Global ore miner Riot Tinto has reopened a rail line connecting its Western Australia mining projects after a derailment on the line.
The loaded train, which was carrying around 30 wagons, derailed at the weekend in the Pilbara region of Western Australia. Although there were no injuries as the train was unmanned, it was thought that the derailment could have damaged the tracks.
While the clean-up is under way and an investigation into the cause of the derailment is ongoing, a speed limit has been put in place for all trains on the line, a Rio Tinto spokesperson told Reuters.
The derailment took place around 20km from the port of Dampier in the Pilbara region wherein Rio Tinto has a number of projects that utilise the train lines. One such project, the Gudai-Darri Mine was upgraded to use the autonomous trucks and trains in 2022. In total, 17 mines are connected by the near 2,000km rail network. It is the largest privately owned rail system in Australia and includes the world’s first automated rail haulage network.
Most trains operated by Rio Tinto can hold as much as 118 tonnes of ore. While the line was shut down, the company called upon reserves held at the port to ensure there was no drop in supply. Rio Tinto has not said what effect this may have on supply and provision of ore in the future.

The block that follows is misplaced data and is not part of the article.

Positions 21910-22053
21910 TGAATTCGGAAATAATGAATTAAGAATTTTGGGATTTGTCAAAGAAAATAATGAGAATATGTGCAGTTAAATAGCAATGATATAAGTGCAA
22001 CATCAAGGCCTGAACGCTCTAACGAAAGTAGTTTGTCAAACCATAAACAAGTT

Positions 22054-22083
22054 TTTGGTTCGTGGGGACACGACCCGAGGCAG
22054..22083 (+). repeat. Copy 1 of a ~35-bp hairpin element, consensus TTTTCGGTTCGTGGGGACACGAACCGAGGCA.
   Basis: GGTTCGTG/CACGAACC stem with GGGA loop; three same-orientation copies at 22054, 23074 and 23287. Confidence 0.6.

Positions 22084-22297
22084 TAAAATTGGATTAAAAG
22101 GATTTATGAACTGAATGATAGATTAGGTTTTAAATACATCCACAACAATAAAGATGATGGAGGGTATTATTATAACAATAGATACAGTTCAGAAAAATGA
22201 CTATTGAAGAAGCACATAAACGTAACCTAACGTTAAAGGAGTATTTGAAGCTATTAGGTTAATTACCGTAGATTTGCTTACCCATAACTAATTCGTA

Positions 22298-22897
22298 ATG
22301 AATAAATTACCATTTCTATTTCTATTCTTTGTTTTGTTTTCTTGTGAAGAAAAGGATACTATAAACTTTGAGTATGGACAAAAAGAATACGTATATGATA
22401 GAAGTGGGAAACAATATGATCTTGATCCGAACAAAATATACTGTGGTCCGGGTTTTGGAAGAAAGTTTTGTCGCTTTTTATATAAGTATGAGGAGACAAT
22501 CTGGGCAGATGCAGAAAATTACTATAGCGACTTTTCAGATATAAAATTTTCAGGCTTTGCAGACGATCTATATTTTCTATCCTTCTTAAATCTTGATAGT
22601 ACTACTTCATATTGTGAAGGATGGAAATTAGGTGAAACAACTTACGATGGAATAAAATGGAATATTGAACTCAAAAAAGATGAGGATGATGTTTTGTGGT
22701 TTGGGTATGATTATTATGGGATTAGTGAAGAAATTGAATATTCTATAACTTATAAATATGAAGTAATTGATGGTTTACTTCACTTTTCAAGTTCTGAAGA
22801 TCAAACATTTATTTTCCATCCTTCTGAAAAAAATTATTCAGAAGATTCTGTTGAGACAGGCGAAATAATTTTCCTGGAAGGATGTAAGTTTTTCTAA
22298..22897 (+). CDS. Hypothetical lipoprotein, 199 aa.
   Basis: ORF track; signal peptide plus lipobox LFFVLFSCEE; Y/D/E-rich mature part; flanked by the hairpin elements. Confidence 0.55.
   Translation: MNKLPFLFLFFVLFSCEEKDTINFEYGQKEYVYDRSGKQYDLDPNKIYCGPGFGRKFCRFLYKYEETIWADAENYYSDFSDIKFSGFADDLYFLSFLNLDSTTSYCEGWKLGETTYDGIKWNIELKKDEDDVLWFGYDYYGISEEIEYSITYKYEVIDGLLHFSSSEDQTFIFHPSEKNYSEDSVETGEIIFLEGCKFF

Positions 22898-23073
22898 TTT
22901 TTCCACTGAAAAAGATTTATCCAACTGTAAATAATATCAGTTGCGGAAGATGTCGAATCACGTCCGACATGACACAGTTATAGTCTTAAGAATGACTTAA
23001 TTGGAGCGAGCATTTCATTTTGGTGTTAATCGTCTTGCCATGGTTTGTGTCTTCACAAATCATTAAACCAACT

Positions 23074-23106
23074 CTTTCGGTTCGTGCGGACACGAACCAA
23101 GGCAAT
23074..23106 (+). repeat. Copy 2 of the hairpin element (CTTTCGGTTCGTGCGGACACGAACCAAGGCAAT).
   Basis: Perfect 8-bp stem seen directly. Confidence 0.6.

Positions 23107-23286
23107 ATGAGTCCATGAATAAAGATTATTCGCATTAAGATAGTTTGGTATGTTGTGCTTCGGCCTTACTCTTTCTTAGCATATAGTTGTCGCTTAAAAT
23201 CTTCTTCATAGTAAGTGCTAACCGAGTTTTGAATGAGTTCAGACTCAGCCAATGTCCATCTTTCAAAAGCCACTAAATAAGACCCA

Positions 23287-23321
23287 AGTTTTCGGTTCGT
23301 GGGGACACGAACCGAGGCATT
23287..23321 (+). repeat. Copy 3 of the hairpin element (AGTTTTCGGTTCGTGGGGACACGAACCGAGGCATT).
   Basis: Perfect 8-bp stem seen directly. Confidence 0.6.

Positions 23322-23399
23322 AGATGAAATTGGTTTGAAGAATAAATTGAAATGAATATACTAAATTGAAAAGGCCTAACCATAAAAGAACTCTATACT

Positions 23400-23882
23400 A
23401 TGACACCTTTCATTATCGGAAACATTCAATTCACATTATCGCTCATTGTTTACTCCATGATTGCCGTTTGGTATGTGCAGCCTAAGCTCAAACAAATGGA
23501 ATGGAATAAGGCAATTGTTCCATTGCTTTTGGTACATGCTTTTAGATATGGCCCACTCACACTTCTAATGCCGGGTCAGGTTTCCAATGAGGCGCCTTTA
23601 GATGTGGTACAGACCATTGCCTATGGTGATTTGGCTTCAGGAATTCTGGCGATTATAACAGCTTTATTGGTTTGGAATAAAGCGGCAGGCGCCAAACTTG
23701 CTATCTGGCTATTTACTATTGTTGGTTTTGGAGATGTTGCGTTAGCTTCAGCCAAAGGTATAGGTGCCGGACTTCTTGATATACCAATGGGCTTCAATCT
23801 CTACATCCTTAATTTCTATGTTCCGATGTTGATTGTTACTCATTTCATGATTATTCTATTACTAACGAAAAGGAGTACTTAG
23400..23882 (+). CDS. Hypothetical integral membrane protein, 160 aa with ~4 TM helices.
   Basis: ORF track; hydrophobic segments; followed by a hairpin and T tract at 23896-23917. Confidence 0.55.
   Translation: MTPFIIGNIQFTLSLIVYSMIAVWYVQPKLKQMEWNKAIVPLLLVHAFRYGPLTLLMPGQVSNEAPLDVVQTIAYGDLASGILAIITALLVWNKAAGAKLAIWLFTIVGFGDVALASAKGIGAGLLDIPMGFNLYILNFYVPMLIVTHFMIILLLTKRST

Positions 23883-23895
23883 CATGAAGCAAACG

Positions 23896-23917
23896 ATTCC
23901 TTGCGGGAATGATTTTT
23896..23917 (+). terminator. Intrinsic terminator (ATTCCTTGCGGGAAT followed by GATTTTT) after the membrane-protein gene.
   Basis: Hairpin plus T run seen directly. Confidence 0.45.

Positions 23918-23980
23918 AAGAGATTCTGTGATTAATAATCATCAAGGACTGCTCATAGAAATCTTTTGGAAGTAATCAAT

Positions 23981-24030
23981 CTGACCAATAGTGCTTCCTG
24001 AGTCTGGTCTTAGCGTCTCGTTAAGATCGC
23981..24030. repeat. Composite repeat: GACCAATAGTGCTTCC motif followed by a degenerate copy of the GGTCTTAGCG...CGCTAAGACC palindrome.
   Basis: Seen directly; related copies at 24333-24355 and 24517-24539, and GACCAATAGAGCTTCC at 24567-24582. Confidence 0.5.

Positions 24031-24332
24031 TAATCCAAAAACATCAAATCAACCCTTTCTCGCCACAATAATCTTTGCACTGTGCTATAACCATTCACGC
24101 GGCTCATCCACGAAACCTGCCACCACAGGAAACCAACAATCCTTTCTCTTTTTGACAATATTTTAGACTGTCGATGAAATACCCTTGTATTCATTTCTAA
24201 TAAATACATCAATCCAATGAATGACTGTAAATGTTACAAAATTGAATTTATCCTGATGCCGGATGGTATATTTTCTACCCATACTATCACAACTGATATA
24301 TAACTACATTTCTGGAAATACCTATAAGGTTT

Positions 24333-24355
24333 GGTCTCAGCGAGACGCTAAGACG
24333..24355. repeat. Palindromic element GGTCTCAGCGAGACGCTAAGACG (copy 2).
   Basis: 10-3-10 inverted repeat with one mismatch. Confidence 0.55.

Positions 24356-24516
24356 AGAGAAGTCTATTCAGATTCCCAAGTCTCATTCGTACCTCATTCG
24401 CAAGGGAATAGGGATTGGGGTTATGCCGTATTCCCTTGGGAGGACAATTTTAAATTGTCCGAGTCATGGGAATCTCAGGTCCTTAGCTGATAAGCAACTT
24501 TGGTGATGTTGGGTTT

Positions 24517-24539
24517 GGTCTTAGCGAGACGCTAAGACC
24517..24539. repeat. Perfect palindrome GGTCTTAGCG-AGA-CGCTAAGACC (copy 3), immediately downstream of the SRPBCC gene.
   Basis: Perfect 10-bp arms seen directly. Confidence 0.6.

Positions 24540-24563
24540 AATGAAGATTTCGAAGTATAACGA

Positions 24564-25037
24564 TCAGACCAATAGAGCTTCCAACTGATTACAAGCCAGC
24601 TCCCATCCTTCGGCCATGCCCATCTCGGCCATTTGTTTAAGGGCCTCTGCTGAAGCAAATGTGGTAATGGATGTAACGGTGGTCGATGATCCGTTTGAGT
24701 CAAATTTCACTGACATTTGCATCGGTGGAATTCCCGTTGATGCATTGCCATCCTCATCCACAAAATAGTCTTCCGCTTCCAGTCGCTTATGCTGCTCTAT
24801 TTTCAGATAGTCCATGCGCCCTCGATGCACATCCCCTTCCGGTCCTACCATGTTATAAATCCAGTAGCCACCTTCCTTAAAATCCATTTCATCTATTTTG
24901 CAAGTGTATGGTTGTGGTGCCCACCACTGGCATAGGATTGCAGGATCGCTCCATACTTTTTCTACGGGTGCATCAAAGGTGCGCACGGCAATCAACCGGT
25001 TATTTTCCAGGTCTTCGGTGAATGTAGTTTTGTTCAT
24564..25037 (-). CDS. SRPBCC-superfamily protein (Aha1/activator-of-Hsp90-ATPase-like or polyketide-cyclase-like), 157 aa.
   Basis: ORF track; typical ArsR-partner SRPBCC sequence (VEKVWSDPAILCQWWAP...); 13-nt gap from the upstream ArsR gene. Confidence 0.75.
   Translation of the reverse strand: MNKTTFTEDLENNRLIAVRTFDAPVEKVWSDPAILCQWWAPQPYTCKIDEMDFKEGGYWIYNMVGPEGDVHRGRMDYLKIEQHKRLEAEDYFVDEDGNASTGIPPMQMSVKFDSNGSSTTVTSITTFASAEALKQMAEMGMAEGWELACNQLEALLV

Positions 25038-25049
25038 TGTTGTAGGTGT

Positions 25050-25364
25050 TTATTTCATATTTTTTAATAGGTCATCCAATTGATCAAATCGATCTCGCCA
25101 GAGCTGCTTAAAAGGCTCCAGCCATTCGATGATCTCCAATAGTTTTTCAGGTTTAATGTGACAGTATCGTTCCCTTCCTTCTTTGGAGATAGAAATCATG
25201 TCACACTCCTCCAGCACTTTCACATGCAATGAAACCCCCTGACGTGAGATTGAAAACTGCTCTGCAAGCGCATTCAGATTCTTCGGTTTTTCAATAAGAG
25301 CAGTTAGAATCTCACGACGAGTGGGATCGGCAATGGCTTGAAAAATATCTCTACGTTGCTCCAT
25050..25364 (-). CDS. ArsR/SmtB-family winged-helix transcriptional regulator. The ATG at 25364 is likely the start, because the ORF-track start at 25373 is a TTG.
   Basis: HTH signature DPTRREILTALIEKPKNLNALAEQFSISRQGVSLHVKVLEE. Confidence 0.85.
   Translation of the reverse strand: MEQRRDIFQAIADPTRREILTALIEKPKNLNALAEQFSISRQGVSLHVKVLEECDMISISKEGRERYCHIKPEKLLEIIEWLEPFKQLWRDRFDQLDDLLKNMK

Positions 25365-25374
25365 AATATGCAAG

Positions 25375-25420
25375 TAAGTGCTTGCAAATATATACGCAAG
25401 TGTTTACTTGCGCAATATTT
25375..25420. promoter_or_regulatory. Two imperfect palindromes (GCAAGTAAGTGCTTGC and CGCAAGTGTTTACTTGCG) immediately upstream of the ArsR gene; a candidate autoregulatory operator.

The derailment came just a week after Rio Tinto agreed a deal with Australian rail company Gemco Rail to build rail cars in the region. A$150m ($101.4m) is being invested by Rio Tinto over six years for the purchase of 100 rail cars built in the region. It will also build a new rail car construction facility in the area, which will also make bearings for the train cars. Rio Tinto already operates around 14,000 rail cars in Pilbara, but none come from the region itself.